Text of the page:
From the Army Times
blend controls flying dust
March 28, 2003
Ark. company to
supply anti-sand mixture to military
By Jay Hughes
Military officials have ordered
a superabsorbent polymer mix developed by a Hot
Springs company to help control swirling sand and dust in the
deserts of Iraq and Kuwait.
Ted Douglas, president of Polymers, Inc., said the U.S. Marine
Corps has rush-ordered 5,000 pounds of his companyís mixture.
The Marines recently tested the mix in the California
desert and said it "worked beyond our wildest expectations,"
The military wanted to conduct additional on-site testing
because the California sand is more coarse than the sand of
Kuwait and Iraq, which plays havoc with helicopters and
Superabsorbent polymers are found in everything from baby
diapers to soft contact lenses, Douglas said. His company has
been working for more than a year on a dustand-sand-control
polymer for the military.
"Sand is a major problem because it gets into the engines,"
Douglas said Thursday. It also blinds troops as they leave
Douglas said the mixture, composed of two granular
components and one in an emulsion, can be spread on sand and
then sprayed with water to form a surface capable of keeping
sand and dust tamped down for up to six weeks. He said the
result is "more like a glue" rather than concrete.
"It will bind the sand together, but it will still be
soft," he said.
Douglas said he first approached the U.S. Army Corps of
Engineers with the product more than a year ago. He said he
didnít hear back until three weeks ago, when he was contacted
by Aicardo Roa-Espinosa, a researcher at the University of
Roa-Espinosa, a soil and water engineer, said heíd been
asked by other scientists and the military to help solve
problems associated with operating helicopters in the desert.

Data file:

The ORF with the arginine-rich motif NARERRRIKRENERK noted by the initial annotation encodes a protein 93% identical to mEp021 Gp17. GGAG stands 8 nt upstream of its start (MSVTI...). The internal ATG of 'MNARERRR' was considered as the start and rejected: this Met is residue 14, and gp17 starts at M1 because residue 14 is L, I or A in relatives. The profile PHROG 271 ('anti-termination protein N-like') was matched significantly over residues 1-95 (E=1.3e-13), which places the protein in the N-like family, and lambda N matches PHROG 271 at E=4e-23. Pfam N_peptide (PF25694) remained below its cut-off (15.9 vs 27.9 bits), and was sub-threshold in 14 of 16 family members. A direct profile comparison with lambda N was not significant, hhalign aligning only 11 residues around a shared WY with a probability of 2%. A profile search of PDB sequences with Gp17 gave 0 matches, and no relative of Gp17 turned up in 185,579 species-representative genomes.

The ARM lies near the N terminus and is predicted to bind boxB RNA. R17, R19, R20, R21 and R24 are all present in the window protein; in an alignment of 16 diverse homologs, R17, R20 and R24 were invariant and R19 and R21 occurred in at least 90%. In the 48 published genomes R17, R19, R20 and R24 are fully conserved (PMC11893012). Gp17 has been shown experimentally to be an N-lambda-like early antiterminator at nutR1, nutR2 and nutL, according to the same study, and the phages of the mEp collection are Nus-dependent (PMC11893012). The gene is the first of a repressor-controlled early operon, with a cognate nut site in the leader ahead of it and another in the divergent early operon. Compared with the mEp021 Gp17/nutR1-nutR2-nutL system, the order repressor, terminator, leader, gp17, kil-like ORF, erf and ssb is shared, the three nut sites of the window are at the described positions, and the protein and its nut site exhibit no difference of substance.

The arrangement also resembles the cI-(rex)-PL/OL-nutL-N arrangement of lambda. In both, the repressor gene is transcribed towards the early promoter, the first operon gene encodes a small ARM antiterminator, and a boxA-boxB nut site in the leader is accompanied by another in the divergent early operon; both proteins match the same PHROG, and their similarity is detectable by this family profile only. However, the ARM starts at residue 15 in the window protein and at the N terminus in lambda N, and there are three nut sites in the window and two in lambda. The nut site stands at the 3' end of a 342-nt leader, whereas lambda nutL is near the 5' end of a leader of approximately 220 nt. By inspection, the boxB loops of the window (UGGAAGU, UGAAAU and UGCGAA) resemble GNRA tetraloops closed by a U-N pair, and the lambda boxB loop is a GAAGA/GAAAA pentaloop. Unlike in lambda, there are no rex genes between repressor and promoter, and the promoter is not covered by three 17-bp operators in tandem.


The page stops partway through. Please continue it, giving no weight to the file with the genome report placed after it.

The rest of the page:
Of several companies he contacted, he said, only Polymers,
Inc. offered the type of product he was looking for.
Roa-Espinosa joined Marine Corps personnel at their
Twentynine Palms base in California last week for tests to see
if the substance could tame the swirling sand clouds
helicopters kick up in the desert.
"In sand, when you bring in helicopters with high-powered
rotors, they elevate clouds of sand and dust. Those clouds
impair the vision of the pilot and the crew chief, and itís
hard to land," he said. "Also, for the moving parts of the
helicopter, itís terrible. This equipment is very expensive."
It took about two days to get the mixture right, but once
they nailed it, the compound "works really well,"
said. It eliminates about 80 percent of the rotor-created
He said the polymer mixture binds the sand and provides
structure that deserts lack. Douglas said Polymers, Inc. contracts
with two companies to manufacture the polymer.
He provided photographs that show "before and after"
results of the polymer mix applied to the desert.
In one, a Chinook, a dual-rotor helicopter that creates
considerable backwash, is seen raising a cloud of dust and
sand as it hovers above the ground; in another, no airborne
sand is evident.
If tests in Iraq are successful, Douglas said, "Iíve been
told to prepare for major orders" from the military.
The company, which has been in Hot Springs about eight
years, has invented and patented 11 superabsorbent polymers,
which are manufactured in various locations in the United
States, Germany and France.
Douglas and his business partner, John-Paul Morrison,
developed or invented the polymers and formulas with
assistance from consultants, including those who work for the
Information for this article was contributed by Jay Hughes
of The Associated Press and Mark Gregory of The Sentinel-Record in Hot Springs.